I. Change In Business ConditionsAn abrupt or permanent shift in a company's business model as a result of business conditions could lead to a dividend cut. During the financial crisis, virtually all businesses experienced an adverse change in business conditions. However, the pertinent question is to what degree? Consider these two examples:
Gannett Co. (GCI) publishes about 100 daily U.S. newspapers, more than 500 non-daily publications in the U.S., and more than 200 U.K. titles, and operates 23 TV stations in the U.S. With the mass adoption of the Internet, traditional news outlets such as newspapers are experiencing a slow death. After several years of declining earnings, GCI cut its quarterly dividend in March 2009 from $0.40 per share to $0.04 per share. In March 2012, the company was paying $0.20 per share, half of what it was paying three years ago prior to the cut.
Pfizer's (PFE) is world's largest pharmaceutical company. However, in February 2009 it wasn't "too big to fail." At that time the company cut its quarterly dividend from $0.32 per share to $0.16 per share. After years of unsuccessful attempts to get approval of a "blockbuster" drug, the cash-rich company sought a merger partner with a good drug pipeline. In anticipation of it proposed combination with Wyeth, PFE cut its dividend. Since then, its dividend has increased to $0.22 per share.
II. Dividend Yield Above Historic and Industry NormsA dividend yield that is higher than average and/or higher than others in the industry are indications, not all is well with the company. The market is adjusting to compensate for the higher risk of holding the company. When dividend yields start creeping up, it is time to start evaluating if the company can continue to pay its dividend.
Consider Bank of America Corp. (BAC). Between 2000 and 2007 the company's dividend yield hovered in the 3% to 4% range. In 2008, the dividend yield ranged from around 5% to the teens prior to its dividend cut. The same situation occurred with General Electric (GE) over the same period. GE's dividend yields from 2000 to 2007 normally were in the range of 1.5% to 3.5%. However, in 2008 the dividend yield more than doubled as investors lost confidence in the company. Eventually, BAC and GE cut their dividends.
III. Diminishing Cash Available to Pay DividendsUltimately, the ability of a company to pay its dividend is determined by its cash position — both cash on its balance sheet and its ability to generate cash flow. All the companies above had one thing in common — a deterioration of cash flow available for paying dividends.
GCI's free cash flow peaked in 2004 at $1.3 billion. Since then it has declined in five of the last seven years and was at $742 million in 2008. Though GE's free cash flow was increasing, the company was taking on significant debt. GE's debt increased from $201 billion in 2000 to $524 billion in 2008 and it could no longer afford its dividend.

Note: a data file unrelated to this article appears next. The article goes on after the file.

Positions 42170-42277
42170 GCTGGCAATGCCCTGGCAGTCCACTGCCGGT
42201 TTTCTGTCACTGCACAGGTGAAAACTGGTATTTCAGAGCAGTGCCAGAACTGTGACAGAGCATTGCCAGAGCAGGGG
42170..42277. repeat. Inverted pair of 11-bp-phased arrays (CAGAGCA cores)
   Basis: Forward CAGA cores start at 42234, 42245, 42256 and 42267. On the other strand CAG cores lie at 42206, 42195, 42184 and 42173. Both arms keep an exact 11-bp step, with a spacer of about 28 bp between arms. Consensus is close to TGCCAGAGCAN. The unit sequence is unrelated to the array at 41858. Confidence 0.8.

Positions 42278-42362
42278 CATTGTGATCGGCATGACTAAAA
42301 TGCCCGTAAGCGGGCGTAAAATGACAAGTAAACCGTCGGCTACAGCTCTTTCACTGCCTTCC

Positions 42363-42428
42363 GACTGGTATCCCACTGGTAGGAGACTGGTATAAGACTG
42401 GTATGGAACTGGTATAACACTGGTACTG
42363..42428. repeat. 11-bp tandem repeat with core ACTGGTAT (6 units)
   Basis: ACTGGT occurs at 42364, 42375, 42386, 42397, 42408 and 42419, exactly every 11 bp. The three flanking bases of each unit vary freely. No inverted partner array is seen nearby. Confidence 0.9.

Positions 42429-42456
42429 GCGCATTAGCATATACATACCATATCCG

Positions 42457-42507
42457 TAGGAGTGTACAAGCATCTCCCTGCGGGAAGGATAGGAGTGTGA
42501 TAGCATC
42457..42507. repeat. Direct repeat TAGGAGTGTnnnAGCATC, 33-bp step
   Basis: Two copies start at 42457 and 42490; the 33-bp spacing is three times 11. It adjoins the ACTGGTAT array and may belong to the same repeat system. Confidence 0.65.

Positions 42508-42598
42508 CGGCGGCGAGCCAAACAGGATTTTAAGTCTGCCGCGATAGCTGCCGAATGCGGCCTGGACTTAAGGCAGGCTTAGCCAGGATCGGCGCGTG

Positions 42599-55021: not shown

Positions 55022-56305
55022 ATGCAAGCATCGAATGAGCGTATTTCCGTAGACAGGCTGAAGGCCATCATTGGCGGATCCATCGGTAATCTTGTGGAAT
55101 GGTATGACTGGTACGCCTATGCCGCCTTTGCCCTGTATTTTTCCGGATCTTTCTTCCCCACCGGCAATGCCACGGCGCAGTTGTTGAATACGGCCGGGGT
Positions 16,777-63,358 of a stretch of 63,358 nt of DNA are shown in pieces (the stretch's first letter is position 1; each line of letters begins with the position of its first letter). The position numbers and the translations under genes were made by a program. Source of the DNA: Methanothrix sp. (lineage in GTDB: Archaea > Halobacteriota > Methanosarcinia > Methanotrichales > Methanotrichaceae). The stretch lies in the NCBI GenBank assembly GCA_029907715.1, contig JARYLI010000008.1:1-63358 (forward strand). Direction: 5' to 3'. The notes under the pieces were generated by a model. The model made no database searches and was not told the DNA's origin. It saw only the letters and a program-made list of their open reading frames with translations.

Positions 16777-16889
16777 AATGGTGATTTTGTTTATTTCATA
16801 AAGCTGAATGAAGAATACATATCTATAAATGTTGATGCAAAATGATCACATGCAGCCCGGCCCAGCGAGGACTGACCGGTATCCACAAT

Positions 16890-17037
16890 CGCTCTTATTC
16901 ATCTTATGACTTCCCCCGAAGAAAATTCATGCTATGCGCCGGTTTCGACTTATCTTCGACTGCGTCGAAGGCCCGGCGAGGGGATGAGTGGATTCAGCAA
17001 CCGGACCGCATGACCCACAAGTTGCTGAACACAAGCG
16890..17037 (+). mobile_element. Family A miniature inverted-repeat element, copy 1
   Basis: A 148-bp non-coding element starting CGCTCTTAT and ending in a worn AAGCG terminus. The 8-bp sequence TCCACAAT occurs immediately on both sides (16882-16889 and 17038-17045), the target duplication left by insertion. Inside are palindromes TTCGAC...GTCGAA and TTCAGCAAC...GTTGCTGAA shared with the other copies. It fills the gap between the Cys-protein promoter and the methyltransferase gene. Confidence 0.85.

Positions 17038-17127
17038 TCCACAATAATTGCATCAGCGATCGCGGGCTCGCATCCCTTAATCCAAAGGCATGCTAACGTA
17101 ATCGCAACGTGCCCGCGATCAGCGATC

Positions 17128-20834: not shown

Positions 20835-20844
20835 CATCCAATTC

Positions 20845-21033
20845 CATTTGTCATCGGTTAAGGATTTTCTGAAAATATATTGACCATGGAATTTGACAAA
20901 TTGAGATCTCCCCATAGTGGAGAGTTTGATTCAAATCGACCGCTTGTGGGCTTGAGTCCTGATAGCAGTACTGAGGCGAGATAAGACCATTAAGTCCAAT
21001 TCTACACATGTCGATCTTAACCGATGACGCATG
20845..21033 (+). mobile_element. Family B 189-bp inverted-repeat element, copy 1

A Look AheadUnfortunately, there will be more dividend cuts in the future. It is just part of the business landscape and the ever-changing economic tide.
Two companies currently on my radar for potential dividend cuts are CenturyLink Inc. (CTL) and Pitney Bowes Inc. (PBI).
CenturyLink Inc. (CTL) has aggressively grown over the last several years with the acquisitions of Embarq, Qwest and Savvis. This growth has financially challenged the company; so much so, that it has left its quarterly dividend flat at $0.725 since March 2010. Free cash flow could grow to level that would allow the company to sustain its dividend, but it is a risk I was not willing to take at the level I was invested. In 2011 I significantly reduced my holding in CTL to a level I am now comfortable with.
Pitney Bowes Inc. (PBI) is the world's largest maker of mailing systems, and also provides production and document management equipment and facilities management services. Like GCI, the industry in which PBI operates has probably seen its best days. The decline in the mailing services industry is forcing PBI to reinvent itself. Unlike CTL, PBI's financials are in decent shape, with my main concern being the level of debt. I wouldn't consider PBI as an appropriate investment in my Dividend Growth Portfolio, but I have considered adding it to my high-yield portfolio to milk the cash cow while seeing if the company can successfully transform itself.
ConclusionThe above three items will help you determine which companies are at risk of cutting their dividends. Cash is king, so pay special attention to free cash flows and debt levels. Buy and hold is not buy and forget — never take your eyes off your investments.
Full Disclosure: Long CTL in my Dividend Growth Portfolio. See a list of all my dividend growth holdings here.